// March 11, 2015

5 Tips for Medication Safety in the Home Health Environment

patient safety week


U.S. Pharmacopeia protects public health in many ways. USP’s standards help ensure consistent quality in medicines, food ingredients and dietary supplements.  But USP also develops standards designed to assist healthcare professionals in the delivery of optimal patient care. USP General Chapter <1066> Physical Environments that Promote Safe Medication Use was recently updated to include guidance for healthcare professionals working in the home environment.

USP standards are created with guidance from our member organizations and created in a unique collaborative and transparent process that draws heavily on the input of our volunteer experts together with public comment. 

The home health environment presents particular challenges.  In recognition of National Patient Safety Awareness Week (March 8 – 14), here are some tips for healthcare professionals (e.g., home healthcare workers and family caregivers) regarding medication safety in the home environment drawn from USP General Chapter <1066>, USP General Chapter <17> Prescription Container Labeling and tips from the National Council on Patient Information and Education (NCPIE).

Create a “Medication Safety Zone” in your home – a dedicated area where medications are prepared, administered or consumed. To promote safety, it should feature:

1) Adequate Lighting

It is important that medicines be prepared in a well-lit area. Since the lighting in most homes is lower than recommended for reading, it is good to place an adjustable 50-watt high-intensity task light in the area where you handle medications.

2) Minimal Distractions and/or Interruptions

Interruptions and distractions (including noise) are among the leading cause of prescription dispensing and medication errors in hospitals and health systems (45%). So when preparing or administering medication at home – it is equally important to silence your cell phone, turn off the radio and/or TV and choose a time when you know you are not pressed for time and interruptions are less likely.

3) A Tidy & Organized Workspace 

A study found that more dispensing errors occurred when medications were stored in a cluttered fashion, so neatness counts. Materials should be organized so that:

  • Important information is readily available - information about equipment function is located near or even on the equipment.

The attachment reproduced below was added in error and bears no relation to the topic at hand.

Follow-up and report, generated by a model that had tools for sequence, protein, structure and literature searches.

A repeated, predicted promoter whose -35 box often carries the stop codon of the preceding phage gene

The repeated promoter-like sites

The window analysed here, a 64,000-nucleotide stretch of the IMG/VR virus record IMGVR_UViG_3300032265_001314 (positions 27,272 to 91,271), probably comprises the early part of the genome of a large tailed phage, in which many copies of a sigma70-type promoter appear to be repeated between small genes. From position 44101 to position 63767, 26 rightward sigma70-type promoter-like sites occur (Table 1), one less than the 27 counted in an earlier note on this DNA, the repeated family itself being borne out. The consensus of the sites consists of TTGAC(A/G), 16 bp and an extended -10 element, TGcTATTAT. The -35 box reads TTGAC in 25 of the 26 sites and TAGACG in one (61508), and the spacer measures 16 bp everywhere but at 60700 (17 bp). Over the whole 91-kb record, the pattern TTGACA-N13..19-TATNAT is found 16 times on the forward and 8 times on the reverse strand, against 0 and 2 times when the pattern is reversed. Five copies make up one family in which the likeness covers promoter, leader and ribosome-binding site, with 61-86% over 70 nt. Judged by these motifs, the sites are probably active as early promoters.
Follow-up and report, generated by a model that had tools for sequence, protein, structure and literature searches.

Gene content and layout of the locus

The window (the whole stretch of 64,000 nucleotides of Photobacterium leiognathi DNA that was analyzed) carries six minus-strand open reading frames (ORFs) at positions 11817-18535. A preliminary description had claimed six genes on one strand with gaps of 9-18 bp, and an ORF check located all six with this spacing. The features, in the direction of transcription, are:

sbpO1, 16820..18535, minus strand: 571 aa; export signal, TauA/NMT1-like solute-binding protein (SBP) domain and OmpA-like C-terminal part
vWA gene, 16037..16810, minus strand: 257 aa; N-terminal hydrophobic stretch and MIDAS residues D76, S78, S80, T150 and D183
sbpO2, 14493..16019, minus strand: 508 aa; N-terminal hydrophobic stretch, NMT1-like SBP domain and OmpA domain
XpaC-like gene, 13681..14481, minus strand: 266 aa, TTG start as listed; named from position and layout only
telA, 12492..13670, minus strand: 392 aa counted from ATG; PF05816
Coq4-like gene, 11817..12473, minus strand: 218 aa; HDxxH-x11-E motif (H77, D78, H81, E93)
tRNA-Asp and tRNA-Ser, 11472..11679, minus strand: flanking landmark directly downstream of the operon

• Frequently used items are easily accessible – prevents “workarounds” and substitutions that lead to errors. If medicines come in pillow packs, have scissors available nearby.
  • Group Items Together – Items that are related to a function should be grouped together – example: syringes, needles and alcohol swabs stored together in a single bin.
  • Store Medicines According to Directions – Most medicines should be stored in a cool dry place well away from moisture (i.e. not the bathroom).  But some medications require special storage conditions such as refrigeration – if so, create a “medication safety zone” in your refrigerator that is designated for medicine storage. If in doubt, always follow the storage directions contained on the medicine label or the Medication Guide.

4) Prescription Labels That are Easy to Read & Understand 

If either the patient or the healthcare professional has difficulty reading or understanding the label, your pharmacist can help. 

  • Impaired Vision – ask for the label to be printed in a larger font.
  • Non-native English Speaker – ask for the label to be printed in your language of choice.  (But the drug name should always be in English to help emergency personnel.)
  • Purpose for Use – patients can request that doctors and pharmacists include this information on the prescription label to help prevent medication errors and encourage adherence
  • Patient information leaflets (also called “Medication Guides”) should be kept together, perhaps in a large re-sealable plastic bag, so that the patient and others can easily access instructions. These may also be available in large type (or alternate languages) – ask at the pharmacy.  

5) A “System” That Works for the Patient and Promotes Adherence

  • If you rely on ice-cube-type pill boxes, does the patient have the manual dexterity to pop open the lid (if he/she is self-administering them)?
  • Have a back-up plan if some medications fall out.
  • If the patient is expected to record when they actually take their medication, perhaps in a small spiral notebook, make sure that the day or date is written in advance, so the patient just has to make a check-mark.
  • Tech-savvy patients and healthcare professionals can explore Skype and medication-reminder apps.     

More information about medication safety and how you can protect family members - young and old - can be found at the National Council on Patient Information and Education (NCPIE).  NCPIE is a member of the U.S. Pharmacopeial Convention.

Do you provide home healthcare services to a friend, family member, or client? Please share some of your challenges or experiences in the comment section below.